Famed film composer Vangelis passes away

Vangelis, the Greek prog-rocker and Oscar-winning composer for films like Chariots of Fire and Blade Runner, has died at the age of 79.

The law firm representing the composer said he died late on Tuesday, without giving a cause of death.

Born Evangelos Odysseas Papathanassiou in 1943, the young Vangelis developed an early interest in music and experiments with sounds produced by banging pots and pans or fixing nails, glasses and other objects to the strings of his parents' piano.

He absorbed the tones of Greek folk songs and Orthodox Christian choral music, but he had no formal musical training, which he later said had helped save his sense of creativity.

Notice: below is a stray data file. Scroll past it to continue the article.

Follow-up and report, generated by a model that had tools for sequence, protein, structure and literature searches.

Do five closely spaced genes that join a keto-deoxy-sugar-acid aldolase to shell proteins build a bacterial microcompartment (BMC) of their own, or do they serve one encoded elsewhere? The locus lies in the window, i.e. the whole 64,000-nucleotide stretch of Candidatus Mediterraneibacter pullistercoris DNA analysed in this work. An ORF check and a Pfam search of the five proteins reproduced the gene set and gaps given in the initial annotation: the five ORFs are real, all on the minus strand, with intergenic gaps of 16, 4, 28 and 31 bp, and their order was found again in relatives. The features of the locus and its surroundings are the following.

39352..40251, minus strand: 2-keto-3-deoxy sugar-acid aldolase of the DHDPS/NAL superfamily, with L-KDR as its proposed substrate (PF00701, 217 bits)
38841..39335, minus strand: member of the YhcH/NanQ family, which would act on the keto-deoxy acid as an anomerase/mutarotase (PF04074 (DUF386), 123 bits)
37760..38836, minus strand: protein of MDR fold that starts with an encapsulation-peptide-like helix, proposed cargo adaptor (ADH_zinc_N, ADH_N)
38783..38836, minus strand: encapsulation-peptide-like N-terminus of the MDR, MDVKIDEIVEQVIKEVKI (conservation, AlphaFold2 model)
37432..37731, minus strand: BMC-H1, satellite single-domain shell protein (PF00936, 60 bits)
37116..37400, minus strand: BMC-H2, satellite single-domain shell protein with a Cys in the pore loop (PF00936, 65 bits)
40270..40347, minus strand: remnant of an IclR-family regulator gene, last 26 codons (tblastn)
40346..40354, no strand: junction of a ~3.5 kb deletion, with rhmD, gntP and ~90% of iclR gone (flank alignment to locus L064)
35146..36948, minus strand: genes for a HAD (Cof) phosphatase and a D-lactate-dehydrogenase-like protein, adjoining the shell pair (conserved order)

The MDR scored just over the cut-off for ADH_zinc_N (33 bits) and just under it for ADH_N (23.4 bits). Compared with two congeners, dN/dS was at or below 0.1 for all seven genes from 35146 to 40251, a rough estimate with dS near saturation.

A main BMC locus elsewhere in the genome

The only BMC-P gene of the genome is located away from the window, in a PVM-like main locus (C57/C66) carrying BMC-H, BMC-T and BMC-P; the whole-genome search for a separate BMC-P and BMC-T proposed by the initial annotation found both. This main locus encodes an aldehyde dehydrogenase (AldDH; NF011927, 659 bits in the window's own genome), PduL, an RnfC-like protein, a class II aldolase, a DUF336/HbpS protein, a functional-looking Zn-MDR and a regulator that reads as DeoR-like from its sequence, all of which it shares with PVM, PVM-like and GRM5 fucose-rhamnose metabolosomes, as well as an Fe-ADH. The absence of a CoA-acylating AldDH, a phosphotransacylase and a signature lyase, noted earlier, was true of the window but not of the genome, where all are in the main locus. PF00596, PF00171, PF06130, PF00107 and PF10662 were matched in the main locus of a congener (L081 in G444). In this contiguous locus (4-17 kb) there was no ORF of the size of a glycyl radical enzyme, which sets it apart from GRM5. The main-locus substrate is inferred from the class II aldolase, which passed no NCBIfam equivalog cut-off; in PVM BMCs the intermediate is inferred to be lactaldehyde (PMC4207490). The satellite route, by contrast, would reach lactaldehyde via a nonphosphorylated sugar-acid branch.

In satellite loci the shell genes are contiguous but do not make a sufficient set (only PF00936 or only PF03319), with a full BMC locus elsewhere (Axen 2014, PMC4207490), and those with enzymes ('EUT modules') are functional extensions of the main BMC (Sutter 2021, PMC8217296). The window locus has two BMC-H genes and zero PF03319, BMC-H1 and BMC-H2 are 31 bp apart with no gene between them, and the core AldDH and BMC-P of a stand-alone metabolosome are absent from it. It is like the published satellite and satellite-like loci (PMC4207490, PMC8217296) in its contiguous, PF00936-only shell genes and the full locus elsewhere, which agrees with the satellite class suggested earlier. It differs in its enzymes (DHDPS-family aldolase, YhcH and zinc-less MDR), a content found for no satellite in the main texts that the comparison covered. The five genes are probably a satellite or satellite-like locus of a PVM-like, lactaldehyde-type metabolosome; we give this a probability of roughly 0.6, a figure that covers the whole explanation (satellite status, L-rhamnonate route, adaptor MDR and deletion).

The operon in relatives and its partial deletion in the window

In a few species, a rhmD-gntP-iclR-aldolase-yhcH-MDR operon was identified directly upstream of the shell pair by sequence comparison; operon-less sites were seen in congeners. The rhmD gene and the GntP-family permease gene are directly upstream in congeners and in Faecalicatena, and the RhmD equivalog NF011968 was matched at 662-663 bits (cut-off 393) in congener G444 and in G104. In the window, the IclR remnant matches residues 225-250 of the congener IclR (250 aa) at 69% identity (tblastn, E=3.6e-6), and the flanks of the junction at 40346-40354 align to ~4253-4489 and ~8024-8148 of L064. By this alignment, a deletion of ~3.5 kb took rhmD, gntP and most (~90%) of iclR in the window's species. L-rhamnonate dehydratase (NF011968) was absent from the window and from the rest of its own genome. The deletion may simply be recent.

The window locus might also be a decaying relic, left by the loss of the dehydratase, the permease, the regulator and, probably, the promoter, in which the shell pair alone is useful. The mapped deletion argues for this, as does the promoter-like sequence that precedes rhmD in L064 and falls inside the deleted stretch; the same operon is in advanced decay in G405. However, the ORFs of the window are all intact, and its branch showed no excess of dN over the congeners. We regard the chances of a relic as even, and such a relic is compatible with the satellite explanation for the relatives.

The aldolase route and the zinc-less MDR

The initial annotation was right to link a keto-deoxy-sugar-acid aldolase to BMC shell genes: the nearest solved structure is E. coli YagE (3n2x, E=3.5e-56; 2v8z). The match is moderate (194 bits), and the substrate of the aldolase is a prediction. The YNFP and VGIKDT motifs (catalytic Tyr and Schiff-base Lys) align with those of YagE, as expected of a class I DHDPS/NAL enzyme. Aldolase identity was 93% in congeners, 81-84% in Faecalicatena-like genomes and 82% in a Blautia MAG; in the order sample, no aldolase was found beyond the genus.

After a start with local rock bands, Vangelis left for Paris at the age of 25, joining an exodus of young artists following a 1967 coup that installed a military junta in Greece.

Away from home, he was attracted by the then-new field of electronic synthesizers that allowed him to create the lush melodic colours that became his trademark sound.

Despite enjoying success in the European "prog rock" scene of the early 1970s with Aphrodite's Child, a band he formed with fellow Greek musician Demis Roussos, Vangelis was uncomfortable with the expectations on a commercial performing artist and largely retreated to the recording studio he created for himself in London.

It was there that he wrote the score for "Chariots of Fire", the story of the triumph of a group of British runners at the 1924 Olympic Games.

Unashamedly non-contemporary, its pulsating synthesizer beats and soaring melody made the slow motion opening sequence of a group of athletes running along a beach a model for the way the cinema portrayed sport.

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